Twice a year the United Kingdom hosts the biggest European military Exercise – Joint Warrior. During the second exercise of 2012, RAF Leuchars played host to the exercise’s Maritime Patrol Aircraft (MPA) contingent, and a detachment German Air Force Tornado’s. Duncan Monk reports from the Kingdom of Fife.

Nestled in the North East corner of Fife in Scotland, RAF Leuchars is the home to the Royal Air Force’s number 1 and 6 Squadrons, operating the Typhoon T.3 and FGR.4. Although not involved in Exercise Joint Warrior, 6 Squadron were very active over the period of the exercise. Disappointingly for visiting enthusiasts, 1(F) Squadron failed to make an appearance, but they are lacking airframes at present due to only recently standing up at the RAF Leuchars Airshow.

Exercise Joint Warrior ran from the 1st October to the 11th October, involving 10 Countries, 4500 personnel, 40 Aircraft, 24 Ships and 2 Submarines. The Exercise areas are huge, ranging from the Clyde up to the Forth of Firth, and West into the North Atlantic – making a fantastic work environment for the ships and MPAs to operate in. Cape Wrath bombing range, to name but one, and other dedicated live ordinance exercise areas are also used daily by both ships and aircraft.

The elements deployed to RAF Leuchars were the Maritime Patrol Aircraft totalling six aircraft from the United States, Canada and France, and 14 Panavia Tornado IDS and ECR variants from the German Air Force.

The US Navy provided 4 aircraft: 3 Lockheed P-3C Orions from NAS Jacksonville in Florida, and a single Boeing P-8A Poseidon aircraft from VX-1 (Air Test and Evaluation Squadron One – AIRTEVRON ONE), NAS Patuxent River. Joining the US contingent was a single Canadian Lockheed CP-140 Aurora, and a single French Navy Dassault Atlantique.

The MPA assets generally flew a 6 hour mission, with 4 hours on task, and 1 hour of transit/handover time each way. This made it slightly easier to predict the arrival and departure times of the MPAs, but it was pot luck as to which airframe visiting enthusiasts would get to see. Fortunately the Author was able to witness the Atlantique, a P-3C and the P-8A flying in some decent light at some stage over the 2 day visit.

The P-8A is a fairly recent addition to the US Navy inventory, being first flown in April of 2009, with the first aircraft handed over to the US Navy in March of 2012. It made its mission debut during exercise ‘Bold Alligator 12’ in the USA, with it’s second ‘mission’ being the previous Joint Warrior, which saw the P-8A operating out of RAF Lossiemouth in Scotland.

The German Air Force (GAF) were over in force, with 14 IDS/ECR Tornado aircraft arriving at Leuchars, including the very last frame still painted in the drab olive green scheme – 45+93.

Flying daily, the first wave of German Tornados would launch around 0745, consisting of 6-8 aircraft of both IDS and ECR variants and for a duration of about 90 minutes. A second wave would launch around lunchtime. A third wave was only witnessed on one of the days attended, launching mid afternoon.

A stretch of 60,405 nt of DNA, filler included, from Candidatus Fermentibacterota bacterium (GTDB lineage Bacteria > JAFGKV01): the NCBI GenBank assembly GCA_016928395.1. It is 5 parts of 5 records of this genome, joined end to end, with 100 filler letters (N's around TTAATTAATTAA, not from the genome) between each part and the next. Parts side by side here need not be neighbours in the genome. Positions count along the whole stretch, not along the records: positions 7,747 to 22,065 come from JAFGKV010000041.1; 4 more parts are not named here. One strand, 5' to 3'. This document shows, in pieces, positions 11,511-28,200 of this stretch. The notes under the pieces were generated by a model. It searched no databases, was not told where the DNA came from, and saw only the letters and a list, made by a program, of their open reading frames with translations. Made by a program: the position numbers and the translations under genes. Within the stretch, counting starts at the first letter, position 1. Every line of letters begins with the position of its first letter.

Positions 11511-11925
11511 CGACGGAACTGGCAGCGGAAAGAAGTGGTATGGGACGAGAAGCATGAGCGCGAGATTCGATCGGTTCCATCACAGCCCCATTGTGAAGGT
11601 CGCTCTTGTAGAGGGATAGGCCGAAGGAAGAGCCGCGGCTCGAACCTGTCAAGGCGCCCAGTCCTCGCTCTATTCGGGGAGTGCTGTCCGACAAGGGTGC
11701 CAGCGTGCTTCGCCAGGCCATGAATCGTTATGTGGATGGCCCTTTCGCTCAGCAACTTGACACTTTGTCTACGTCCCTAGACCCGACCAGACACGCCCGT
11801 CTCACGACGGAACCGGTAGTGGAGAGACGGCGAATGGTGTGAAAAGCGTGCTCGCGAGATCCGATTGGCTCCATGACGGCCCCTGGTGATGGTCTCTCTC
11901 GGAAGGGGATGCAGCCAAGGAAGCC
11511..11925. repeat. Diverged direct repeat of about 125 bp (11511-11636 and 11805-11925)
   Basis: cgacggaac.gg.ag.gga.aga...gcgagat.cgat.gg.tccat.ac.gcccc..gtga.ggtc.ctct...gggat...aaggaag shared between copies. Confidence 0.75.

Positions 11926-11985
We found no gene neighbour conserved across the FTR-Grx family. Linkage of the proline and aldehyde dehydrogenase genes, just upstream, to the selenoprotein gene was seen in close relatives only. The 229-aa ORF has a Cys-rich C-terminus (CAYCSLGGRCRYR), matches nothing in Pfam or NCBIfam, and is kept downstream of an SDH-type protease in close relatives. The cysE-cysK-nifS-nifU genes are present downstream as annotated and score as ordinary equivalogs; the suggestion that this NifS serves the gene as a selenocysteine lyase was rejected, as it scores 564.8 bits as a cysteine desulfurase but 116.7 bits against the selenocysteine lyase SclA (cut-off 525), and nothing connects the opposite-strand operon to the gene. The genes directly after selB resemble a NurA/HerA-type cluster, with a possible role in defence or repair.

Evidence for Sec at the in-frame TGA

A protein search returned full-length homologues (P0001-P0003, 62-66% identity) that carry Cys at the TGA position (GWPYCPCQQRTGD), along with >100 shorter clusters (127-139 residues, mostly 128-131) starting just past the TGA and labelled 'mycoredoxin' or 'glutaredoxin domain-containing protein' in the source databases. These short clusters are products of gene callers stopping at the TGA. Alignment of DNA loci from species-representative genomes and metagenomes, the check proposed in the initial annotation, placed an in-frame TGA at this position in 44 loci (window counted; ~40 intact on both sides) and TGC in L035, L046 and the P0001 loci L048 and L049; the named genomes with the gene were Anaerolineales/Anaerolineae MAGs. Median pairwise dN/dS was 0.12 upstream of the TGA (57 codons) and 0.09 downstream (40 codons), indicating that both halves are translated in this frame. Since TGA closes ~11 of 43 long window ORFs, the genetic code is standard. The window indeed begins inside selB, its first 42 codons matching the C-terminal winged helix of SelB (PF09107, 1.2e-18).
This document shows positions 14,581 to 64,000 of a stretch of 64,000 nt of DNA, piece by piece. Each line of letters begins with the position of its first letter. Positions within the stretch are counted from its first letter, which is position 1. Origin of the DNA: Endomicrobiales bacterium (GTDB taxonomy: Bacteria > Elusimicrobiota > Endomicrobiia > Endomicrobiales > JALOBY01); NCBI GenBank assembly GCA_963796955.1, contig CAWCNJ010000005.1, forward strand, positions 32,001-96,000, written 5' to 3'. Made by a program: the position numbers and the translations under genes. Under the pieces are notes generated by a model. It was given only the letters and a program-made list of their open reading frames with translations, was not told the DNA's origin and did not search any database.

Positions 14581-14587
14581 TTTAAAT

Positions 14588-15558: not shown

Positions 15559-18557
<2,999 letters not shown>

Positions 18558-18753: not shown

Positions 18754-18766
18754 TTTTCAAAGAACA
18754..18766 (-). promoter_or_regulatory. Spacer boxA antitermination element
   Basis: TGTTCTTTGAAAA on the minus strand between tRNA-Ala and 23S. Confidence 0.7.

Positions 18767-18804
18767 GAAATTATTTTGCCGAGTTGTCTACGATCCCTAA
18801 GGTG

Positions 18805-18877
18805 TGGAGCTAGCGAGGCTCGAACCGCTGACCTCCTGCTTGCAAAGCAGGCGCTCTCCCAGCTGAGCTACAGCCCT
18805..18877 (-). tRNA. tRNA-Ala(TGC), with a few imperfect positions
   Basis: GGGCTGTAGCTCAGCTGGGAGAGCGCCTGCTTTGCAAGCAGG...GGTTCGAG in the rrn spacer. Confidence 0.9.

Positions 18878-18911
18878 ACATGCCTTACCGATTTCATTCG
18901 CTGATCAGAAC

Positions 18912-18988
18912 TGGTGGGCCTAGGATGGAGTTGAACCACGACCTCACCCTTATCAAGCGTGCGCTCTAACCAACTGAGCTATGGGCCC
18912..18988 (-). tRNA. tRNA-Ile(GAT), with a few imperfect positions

Units taking part from the GAF came from JBG33 (IDS fighter/bomber role) based at Baden-Baden, JBG32 (ECR role) from Lechfeld and AG51 (Tactical Reconnaissance role) ‘Immelman’ from Schleswig.

The Tornado ECR (Electronic Combat and Reconnaissance) variant is devoted to the suppression of enemy air defences (SEAD) missions. Delivered in May 1990 to the Italian and German Air Forces, the ECR has sensors to detect radar usage and is equipped with the AGM-88 HARM anti-radiation missile, which was carried by the aircraft of JBG32 during Joint Warrior. The German ECRs do not carry a cannon and have slightly better thrust rated engines, fitted with the RB.199 Mk.105.

The IDS (Interdiction and Strike) version of the Tornado is employed as a Fighter/Bomber for the engagement of various targets. The IDS ‘frame’ is also used in a reconnaissance version flown by AG51. Fitted to the centre fuselage of the aircraft is a Recce Pod fitted with a suite of infrared and optical sensors, which enables it to operate both day and night.

As previously stated, 6 Squadron RAF were not taking part in Joint Warrior but were actively flying 5 – 6 jets most of the day on standard operations, which gave the opportunity to photograph most of the 6 Squadron fleet in fantastic light and sunshine.

It also gave the author one of those amazing photo opportunites, whilst stood on the mound at the 09 end of the RAF Leuchars runway.  ‘Leuchars 01’ decided that a performance take off in full burner would be the order of the day. It is unclear who had the bigger smile, the back seater having a pax flight in Typhoon T.3 ‘EY’ or the author, as he kept the departure low before pulling vertical above the runway end!

On Friday 5th October RAFAIR 9040 A/B, consisting of 2 Typhoon FGR4’s (ZK304/EB and ZK333/EH) returned from Albacete in Spain having attended TLP (Tactical leadership Program). Both aircraft circuited waiting to land as 8 GAF Tornado’s took off. Fortunately this again lead to “right place right time” photo opportunity.

8 Hours travelling each way to Fife, many miles walked to the photography viewpoints carrying heavy camera equipment and standing in a brisk chilly wind is not everyone’s idea of fun. But Exercise Joint Warrior once again provided a plethora of interesting, well-equipped and rare aircraft for the enthusiast and neutral to enjoy, whilst exercising the United Kingdom and other sovereign states readiness for times of war.

The author would like to thank Gordon Jones for providing the transport to Fife!